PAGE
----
Flashcards in Ped Psychiatry Deck (50)
What do ped mental illnesses result in? How can this be prevented?
- these are very common and results in sig. morbidity and mortality
- profound long term consequences
- early dx for kids with new onset mental illness essential in order to maximize clinical outcomes
How can primary care clinicians help make an impact on ped mental illnesses?
They have a critical role:
- for prevention
- early ID/screening
- early intervention/engagement
- referral/collaborative care (w/ MH professionals)
- monitoring progress in care
- care coordination
WHat are the barriers to enhancing MH care in primary care settings?
- time constraints
- poor payment
- variable access to MH speciality resources
- administrative barriers to MH services
- limited information exchange with MH specialists
How can we help with mental illnesses at the individual family level?
- form a trusting relationship
- understand the emotional turmoil
- teach how to access MH services
- provide resources
- family advocacy organization
What advice can you give the parents with a child with a disability?
- seek the assistance of other parents
- know that you are not alone
- rely on positive resources in your life (church, counselors)
- take it one day at a time
- seek information (internet, support groups, bright futures book - set of prinicples and strategies that are theory-based, evidence-driven that can be used to improve health and well-being of all children)
- don't be intimidated
- maintain a positive outlook
- find programs for your child
- take care of yourself
- keep daily routines as normal as possible
- most imptly - keep your sense of humor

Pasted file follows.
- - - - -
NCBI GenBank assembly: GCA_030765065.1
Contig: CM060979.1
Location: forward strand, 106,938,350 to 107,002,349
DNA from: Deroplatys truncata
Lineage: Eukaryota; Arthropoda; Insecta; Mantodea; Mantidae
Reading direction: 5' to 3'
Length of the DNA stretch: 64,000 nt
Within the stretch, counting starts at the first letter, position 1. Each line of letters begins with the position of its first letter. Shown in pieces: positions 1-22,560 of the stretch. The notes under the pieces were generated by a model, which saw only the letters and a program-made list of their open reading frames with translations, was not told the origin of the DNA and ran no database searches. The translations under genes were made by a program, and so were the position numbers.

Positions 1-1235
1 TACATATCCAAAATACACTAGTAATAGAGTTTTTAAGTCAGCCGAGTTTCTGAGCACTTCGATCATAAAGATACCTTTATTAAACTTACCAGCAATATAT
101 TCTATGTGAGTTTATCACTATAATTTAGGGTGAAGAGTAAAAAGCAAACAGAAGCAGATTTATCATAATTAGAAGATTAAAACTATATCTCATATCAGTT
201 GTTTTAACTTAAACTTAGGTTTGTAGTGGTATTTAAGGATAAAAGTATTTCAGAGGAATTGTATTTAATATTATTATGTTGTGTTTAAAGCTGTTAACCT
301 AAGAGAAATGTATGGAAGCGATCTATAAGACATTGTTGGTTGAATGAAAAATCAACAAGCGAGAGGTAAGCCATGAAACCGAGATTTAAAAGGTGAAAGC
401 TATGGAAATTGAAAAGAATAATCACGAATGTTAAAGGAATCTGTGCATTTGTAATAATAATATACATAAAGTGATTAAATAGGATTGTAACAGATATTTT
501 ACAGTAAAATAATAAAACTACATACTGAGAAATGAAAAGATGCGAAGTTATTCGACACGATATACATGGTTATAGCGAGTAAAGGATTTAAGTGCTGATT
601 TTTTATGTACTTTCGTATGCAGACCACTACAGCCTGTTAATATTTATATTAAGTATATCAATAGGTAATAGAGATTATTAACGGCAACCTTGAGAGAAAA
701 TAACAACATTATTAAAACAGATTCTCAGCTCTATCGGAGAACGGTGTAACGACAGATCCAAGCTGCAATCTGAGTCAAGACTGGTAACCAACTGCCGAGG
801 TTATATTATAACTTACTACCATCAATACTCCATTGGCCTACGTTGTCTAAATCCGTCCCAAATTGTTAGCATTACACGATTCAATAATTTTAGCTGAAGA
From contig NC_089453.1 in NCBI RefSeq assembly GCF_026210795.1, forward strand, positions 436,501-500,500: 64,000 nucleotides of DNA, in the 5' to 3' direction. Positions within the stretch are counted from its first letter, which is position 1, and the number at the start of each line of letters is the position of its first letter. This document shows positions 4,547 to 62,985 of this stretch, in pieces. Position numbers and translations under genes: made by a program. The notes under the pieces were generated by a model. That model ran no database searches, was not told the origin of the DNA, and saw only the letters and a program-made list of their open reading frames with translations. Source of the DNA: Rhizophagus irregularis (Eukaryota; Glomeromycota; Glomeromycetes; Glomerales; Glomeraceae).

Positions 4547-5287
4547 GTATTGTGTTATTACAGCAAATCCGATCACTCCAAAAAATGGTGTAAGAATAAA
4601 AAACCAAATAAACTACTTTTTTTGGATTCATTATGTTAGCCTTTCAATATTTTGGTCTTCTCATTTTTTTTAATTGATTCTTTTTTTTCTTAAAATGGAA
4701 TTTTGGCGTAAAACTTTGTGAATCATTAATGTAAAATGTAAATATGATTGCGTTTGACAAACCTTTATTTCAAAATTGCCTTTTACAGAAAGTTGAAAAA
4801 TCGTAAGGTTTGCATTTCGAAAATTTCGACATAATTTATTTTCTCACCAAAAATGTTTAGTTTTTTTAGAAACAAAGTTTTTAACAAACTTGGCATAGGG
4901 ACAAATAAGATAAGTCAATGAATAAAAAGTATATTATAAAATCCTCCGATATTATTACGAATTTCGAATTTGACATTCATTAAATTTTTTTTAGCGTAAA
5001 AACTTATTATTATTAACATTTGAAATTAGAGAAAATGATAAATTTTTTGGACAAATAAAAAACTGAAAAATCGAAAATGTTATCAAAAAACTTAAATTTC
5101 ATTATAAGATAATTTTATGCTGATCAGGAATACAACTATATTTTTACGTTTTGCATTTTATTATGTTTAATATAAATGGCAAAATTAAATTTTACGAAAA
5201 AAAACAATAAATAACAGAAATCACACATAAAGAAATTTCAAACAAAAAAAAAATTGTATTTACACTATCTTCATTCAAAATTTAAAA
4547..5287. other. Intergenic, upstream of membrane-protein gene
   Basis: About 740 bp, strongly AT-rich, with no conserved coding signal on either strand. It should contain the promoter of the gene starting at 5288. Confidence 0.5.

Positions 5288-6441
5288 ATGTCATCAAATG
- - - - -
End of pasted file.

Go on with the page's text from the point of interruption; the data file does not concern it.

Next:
The child's existence and emotional development depends on what?
- family or care givers - cooperation with family members...need written consent
- use of psych-pharmacotherapy is less common in comparison to adult psychiatry
- the developmental stages are very impt assessment of dx
How do you approach an adolescent pt?
- no judgements or assumptions
- lay down rules of confidentiality:
ask them to explain what they think it means and have alone time with pt
- HEADSSS assessment
What does HEADSSS stand for?
- Home: how are things going at home, do you get along with everyone?
- Education: what school do you attend? How are your grades? How many days have you missed?
- Activities: what do you do after school? DO you have a job, best friends?
- Drugs: do any of your friends smoke, drink alcohol, use drugs? Have you ever tried? Any family troubles with alcohol or drugs?
- Sex: do you have a sig. other? how long have you been going out? Do you get along? Have you had sex? Do you know how to protect yourself from preg., STIs, AIDS?
- Suicide/depression: how have your moods been? Do you ever feel down or depressed? Have you ever felt like hurting yourself or suicide? Do you know of anyone who has committed suicide?
- Safety: are things safe in your home, at school, in neighborhood? Has anyone tried to hurt you? Physically, sexually?
Define intellectual disability?
- neurodevelopmental disorder with multiple etiologies that encompass a broad spectrum of fxning, disability, and strengths
- usually presents b/f 18
Define global developmental delay?
- term applied to kids under 5 who fail to meet expected developmental milestones and have significant impairments in several areas of fxning
- these kids may grow out of this
2 components to intellectual disability? What are the clinical features?
- clinical features:
younger sibling overtake an older child
fails to meet expected developmental milestones
- difficulty with learning or immaturity, if severly affected - present b/f 2
What are the causes of intellectual disability?
- genetic in more than 50% (down syndrome most common)
- embryonic development
- prenatal causes include congenital infections, congenital hypothyroidism, and teratogens including alcohol, lead and valproate
- envior deprivation ( hypoxia, trauma)
- heriditary abnormalities
Screening tools for intellectual disability?